West Ham were not to know the cumulative effort required across three seasons that included European football would hit Moyes' squad in quite the way it has. The form of some reliable performers across that time has dipped sharply.

The loss of Declan Rice last summer did not appear so bad in the first half of the season when James Ward-Prowse and Edson Alvarez excelled.

But both have slipped from those levels - Alvarez had won the Concacaf Gold Cup with Mexico last summer which is a factor - and Rice's absence has been noticed more.

Moyes tried to address that by bringing Kalvin Phillips on loan from Manchester City in January, but the move has been a failure.

There are some youngsters from last season's FA Youth Cup-winning team who it is felt have a chance of establishing themselves at Premier League level.

George Earthy’s goal against Luton hinted at his promise. But there is sympathy for Moyes' view it is too early to trust them regularly.

It all came to a head over a tough fortnight where elimination from the Europa League at the hands of Bayer Leverkusen was followed by an abject defensive performance at Crystal Palace and a five-goal hammering at Chelsea, which, after the Luton game, Moyes described as "rank rotten".

The dwindling hopes of European qualification focused the minds of the club and it was decided a change had to be made, which will eventually see Julen Lopetegui replace Moyes.

"Hopefully people will say expectations have increased," said Moyes of his time in charge.

"When I came the task was to keep West Ham in the Premier League. Now this is a club saying we want to be in Europe every year. That is a big turnaround in three or four years.

"West Ham has so much potential and room to improve. I hope the next step is going upwards and giving them the chance to get something new.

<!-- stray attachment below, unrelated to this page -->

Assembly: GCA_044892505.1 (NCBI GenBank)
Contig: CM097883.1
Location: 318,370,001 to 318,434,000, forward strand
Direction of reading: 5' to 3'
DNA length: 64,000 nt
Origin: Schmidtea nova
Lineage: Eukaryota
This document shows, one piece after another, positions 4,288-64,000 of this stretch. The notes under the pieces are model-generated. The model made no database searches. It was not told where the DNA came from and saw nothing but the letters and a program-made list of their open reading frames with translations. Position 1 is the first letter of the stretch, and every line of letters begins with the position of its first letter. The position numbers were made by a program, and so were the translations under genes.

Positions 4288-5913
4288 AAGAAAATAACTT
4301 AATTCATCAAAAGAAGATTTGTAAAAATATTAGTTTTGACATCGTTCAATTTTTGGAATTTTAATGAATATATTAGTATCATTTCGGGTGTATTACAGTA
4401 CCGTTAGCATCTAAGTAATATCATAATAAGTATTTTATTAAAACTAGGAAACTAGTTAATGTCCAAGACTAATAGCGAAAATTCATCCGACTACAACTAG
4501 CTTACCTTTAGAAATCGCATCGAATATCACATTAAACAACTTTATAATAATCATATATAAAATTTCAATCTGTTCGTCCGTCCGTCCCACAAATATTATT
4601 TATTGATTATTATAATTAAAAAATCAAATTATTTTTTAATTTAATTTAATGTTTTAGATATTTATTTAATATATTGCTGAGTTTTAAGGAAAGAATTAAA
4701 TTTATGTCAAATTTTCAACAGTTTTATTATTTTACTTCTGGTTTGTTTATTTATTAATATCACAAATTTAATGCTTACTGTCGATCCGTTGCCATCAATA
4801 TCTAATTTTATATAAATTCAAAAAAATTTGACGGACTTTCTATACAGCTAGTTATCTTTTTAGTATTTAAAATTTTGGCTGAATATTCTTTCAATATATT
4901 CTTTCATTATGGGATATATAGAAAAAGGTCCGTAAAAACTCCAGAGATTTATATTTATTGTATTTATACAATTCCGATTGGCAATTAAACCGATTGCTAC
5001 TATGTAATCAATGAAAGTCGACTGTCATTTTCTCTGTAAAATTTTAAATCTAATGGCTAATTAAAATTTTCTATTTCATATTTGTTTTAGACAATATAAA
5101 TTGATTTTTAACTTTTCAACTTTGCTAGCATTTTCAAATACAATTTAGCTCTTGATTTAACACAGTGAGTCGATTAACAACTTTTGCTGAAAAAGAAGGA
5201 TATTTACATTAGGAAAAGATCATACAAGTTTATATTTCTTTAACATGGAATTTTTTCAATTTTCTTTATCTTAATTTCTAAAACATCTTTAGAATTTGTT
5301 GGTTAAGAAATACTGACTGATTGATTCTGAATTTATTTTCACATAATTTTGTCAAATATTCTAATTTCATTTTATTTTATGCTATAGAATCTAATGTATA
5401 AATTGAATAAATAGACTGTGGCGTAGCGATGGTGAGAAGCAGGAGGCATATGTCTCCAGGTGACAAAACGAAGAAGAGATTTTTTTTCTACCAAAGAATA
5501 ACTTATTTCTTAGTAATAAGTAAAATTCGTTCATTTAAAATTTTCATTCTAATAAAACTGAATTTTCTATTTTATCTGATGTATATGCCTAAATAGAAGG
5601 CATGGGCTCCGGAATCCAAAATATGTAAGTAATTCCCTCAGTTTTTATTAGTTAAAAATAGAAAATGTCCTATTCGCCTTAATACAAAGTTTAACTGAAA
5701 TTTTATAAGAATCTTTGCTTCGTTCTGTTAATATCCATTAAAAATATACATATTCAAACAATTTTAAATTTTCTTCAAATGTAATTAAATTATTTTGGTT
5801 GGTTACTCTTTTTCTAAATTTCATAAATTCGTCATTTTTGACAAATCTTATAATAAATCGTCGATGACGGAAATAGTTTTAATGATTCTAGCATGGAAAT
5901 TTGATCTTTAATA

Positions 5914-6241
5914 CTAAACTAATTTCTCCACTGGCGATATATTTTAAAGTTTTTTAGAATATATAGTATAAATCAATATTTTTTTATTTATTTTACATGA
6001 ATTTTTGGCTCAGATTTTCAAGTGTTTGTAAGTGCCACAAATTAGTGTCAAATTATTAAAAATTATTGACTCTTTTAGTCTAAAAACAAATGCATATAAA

"We have started to get dizzy thinking about Europe as something we should achieve every year."

Lopetegui set to lead West Ham into new era

It is hard to argue against West Ham's thought process. Unlike many clubs, they do not have profit and sustainability concerns thanks to the Rice deal.

It is also acknowledged that this summer was going to be one of change on the playing side, with Flynn Downes and Freddie Potts returning from what is viewed as productive loan spells at Southampton and Wycombe respectively.

It has been stressed numerous times Moyes had no issues with technical director Tim Steidten. The pair have maintained a professional relationship but evidently, Moyes believes the role of a manager should include a heavy influence on recruitment.

His thoughts on the matter were often not aligned with Steidten's. In the end, Moyes barred the German from the first-team areas, which is not a workable arrangement over the long term.

Given his experience at Werder Bremen and Bayer Leverkusen, West Ham feel it is right that Steidten should oversee this summer's changes. His role in Lopetegui's recruitment has been clear.

West Ham feels they are in a good position to build on the blocks Moyes has put in place.

Like any manager, Lopetegui will be judged on performances and results. He will also be judged from the outside on whether he has improved on Moyes' work.

But this is a new West Ham. And after next weekend's trip to Manchester City, it will be a new era.